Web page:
UML & SELinux

This information is now completely our of date!

SELinux Guest

Running SELinux on the guest is quite easy if the distribution used supports it out of the box.
We provide an image based on the Gentoo 2005.1 SELinux profile, which can be used using a kernel with SELinux enabled (all of these kernels do).

SELinux Host

SELinux can be used to lock down UML instances, controlling precisely which resources the instances are allowed to use and preventing a compromised instance from being used to get through to the host. (especially if you intend to run a honeypot instance)


These policy files assume the following layout is adopted. (the names and location of these files can be changed in the uml.fc file)

Instance Root

Multiple instances can be installed in /uml/uml-*/. (the use of this suffix throughout can be used to help identify users and processes)
Obviously the filesystem must support SELinux security labels.


The instructions below do not yet cover the policies for creating and maintaining the filesystem images directories and scripts.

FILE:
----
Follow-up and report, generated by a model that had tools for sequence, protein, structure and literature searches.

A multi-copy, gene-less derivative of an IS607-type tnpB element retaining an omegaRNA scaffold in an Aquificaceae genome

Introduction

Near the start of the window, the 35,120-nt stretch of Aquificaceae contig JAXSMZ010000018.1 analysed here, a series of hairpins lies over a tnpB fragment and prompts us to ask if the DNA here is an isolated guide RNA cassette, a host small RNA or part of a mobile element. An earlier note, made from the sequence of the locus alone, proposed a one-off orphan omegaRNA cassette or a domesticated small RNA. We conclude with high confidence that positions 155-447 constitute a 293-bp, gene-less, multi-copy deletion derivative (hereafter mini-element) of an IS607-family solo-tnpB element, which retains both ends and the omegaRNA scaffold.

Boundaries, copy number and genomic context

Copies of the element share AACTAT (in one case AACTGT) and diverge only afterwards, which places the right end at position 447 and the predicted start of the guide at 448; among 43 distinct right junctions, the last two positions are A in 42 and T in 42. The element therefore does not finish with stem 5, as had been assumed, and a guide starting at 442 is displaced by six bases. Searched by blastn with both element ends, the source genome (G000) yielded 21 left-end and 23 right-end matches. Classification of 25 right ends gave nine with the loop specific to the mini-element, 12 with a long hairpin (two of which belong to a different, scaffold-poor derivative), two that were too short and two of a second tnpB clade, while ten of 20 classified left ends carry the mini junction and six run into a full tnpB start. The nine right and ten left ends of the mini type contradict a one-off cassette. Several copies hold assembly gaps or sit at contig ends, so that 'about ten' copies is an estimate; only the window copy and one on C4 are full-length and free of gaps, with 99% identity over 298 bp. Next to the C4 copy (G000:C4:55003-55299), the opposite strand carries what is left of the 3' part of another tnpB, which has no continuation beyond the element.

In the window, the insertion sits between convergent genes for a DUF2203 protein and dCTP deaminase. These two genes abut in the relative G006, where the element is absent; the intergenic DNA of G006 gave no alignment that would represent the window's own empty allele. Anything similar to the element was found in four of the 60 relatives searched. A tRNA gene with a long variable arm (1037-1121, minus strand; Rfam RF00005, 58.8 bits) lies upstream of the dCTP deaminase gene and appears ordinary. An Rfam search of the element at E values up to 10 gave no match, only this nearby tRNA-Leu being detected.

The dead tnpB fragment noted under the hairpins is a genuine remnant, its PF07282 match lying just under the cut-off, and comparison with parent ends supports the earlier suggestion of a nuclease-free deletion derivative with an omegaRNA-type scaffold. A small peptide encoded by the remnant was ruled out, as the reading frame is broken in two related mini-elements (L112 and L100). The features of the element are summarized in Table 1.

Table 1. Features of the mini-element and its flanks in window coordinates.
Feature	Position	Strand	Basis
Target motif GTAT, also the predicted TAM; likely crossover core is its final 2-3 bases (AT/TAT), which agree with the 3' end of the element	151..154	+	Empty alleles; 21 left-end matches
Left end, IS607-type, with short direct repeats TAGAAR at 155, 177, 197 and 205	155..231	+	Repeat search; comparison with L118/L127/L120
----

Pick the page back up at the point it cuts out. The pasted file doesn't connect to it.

The restrictions do not cover too much in terms of networking restrictions, since the networking configuration is not covered here. Typically the instance will be connected to the internet (or not) through a bridge or through iptables forwarding (and masquerading) which can be used for filtering (iptables and ebtables).

Access rights

Each instance runs under its own user, with minimum access privileges.
Instances also run chrooted (security in layers).

Startup Script

Each instance is started using a script named stored in the root.
This script will be responsible for setting up the environment and starting the kernel.
For example: setting up the network, starting the kernel with screen (so we can re-attach to the console), call chroot and su to isolate the running instance, change the priority of the process, start the fake /proc support, mounting /proc/mm (for skas support), notifying the administrator, etc.
Sample script here

Contents of the chroot

The chroot contains the bare minimum required for starting the instance: Explore this tree for more details.

The policy files

And finally, here are the files: These files need to be placed in the SELinux source directory (ie: /etc/selinux): domains/programs and file_contexts/programs/ respectively.
Ensure that the policy is rebuilt and reloaded, then the files need to be relabelled: restorecon -R /uml/uml-*.


Once all the files are in place and labelled, just run the script.